Try a triad
You could lead your corporate profile with all the blah-de-blah about your mission, vision, values and inception.
Or you could start with a compression of details that gives readers a taste of your company, like this lead for a story about a division of Seaboard Corp.:
Call it compression of details. That’s where you squeeze together a series of details — usually three — into a single sentence or paragraph.
It’s a great way to show instead of tell. So tap the power of threes: Try a triad.
1. Honor employee award winners.
Employee awards announcements are too often missed opportunities. Instead of exploring the fantastic things employees did to win the awards, communicators make it an announcement and a list.
Instead, use compression of details to show how your winners earned their awards:
Five employees exceeded expectations and actively pursued excellence to earn the first Sprint Values Excellence Annual Distinguished Contribution Award at NIS.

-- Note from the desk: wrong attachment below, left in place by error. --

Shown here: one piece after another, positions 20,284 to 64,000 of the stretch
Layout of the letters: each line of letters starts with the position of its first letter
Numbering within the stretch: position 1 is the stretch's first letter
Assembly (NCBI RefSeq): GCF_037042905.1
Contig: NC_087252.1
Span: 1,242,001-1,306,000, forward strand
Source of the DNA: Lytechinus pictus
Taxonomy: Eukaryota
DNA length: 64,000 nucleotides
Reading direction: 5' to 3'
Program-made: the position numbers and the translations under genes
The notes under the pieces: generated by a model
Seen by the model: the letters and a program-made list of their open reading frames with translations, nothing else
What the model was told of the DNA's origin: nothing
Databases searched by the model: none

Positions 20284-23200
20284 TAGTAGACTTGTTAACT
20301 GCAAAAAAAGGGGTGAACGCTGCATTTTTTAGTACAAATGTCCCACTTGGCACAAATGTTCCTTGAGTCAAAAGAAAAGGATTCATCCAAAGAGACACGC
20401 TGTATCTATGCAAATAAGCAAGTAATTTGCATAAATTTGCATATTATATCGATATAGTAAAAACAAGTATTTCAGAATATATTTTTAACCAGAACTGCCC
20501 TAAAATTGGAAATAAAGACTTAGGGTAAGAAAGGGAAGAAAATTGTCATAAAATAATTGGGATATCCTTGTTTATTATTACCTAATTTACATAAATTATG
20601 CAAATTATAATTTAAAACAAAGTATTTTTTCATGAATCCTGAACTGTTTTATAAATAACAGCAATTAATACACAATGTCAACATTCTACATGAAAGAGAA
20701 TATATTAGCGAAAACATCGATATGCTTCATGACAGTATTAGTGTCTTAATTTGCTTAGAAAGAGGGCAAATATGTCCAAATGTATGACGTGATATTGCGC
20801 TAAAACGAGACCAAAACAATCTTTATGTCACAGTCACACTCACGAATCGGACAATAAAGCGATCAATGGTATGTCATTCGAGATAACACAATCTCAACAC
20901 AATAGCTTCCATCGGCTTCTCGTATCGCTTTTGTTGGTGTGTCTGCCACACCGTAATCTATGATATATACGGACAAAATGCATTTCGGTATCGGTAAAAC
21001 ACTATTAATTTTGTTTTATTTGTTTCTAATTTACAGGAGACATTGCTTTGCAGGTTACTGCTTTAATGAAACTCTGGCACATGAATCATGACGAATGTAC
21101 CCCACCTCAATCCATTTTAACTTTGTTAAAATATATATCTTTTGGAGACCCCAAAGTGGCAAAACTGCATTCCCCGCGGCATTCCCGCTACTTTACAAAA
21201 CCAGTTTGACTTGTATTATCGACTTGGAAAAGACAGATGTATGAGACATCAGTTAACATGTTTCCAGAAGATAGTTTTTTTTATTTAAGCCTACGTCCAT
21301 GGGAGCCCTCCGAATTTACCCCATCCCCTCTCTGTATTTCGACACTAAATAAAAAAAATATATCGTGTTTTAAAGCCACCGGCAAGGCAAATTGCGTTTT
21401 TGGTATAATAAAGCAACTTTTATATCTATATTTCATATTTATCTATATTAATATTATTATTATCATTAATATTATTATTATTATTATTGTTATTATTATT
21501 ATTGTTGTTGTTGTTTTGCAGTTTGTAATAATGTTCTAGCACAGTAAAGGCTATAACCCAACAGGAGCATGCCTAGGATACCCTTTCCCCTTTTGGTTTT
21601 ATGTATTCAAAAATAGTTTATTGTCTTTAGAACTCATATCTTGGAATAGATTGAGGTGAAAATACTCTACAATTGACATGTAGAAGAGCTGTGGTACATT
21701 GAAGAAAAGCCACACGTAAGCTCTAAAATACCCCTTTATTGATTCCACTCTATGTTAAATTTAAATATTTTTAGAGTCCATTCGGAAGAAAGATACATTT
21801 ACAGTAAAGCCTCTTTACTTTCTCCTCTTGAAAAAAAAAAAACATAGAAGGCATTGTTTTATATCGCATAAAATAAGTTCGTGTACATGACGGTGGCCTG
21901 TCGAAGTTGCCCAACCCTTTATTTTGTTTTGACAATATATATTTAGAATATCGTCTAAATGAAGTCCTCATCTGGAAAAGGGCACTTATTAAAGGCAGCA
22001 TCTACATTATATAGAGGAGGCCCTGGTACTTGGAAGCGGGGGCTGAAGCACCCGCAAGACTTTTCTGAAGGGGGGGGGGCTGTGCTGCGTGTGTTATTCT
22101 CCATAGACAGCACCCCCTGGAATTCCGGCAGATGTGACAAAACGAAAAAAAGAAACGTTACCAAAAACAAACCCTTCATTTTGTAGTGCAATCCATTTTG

We present our annual recognition award to employees who have helped us realize Sprint’s goals and vision. Here are some highlights of their achievements …
2. Build a scene from details.
In this passage, Pulitzer Prize-winning critic Jonathan Gold uses the power of three to sketch a quick picture of the scene at a restaurant:
3. Brighten your lead with details.
Got details? Move them to the top. They’re so powerful, they draw readers into the piece.
For this rewrite, my client had already listed the languages in the original story. So why not use them to brighten the lead instead? Here’s the original:
And here’s the rewrite:
In fact, XYZ radio users can now choose from 28 languages for their XYZ.1, XYZ.2 and XYZ.3 handsets. Each radio can include up to three languages.
Show, don’t just tell.
Compression of details is among the more than 6 types of concrete material to try.
One way to get more detail into your piece: Try a triad, or tap the magic of threes.
How could you use compression of details to sell your points?
What questions do you have about compression of details?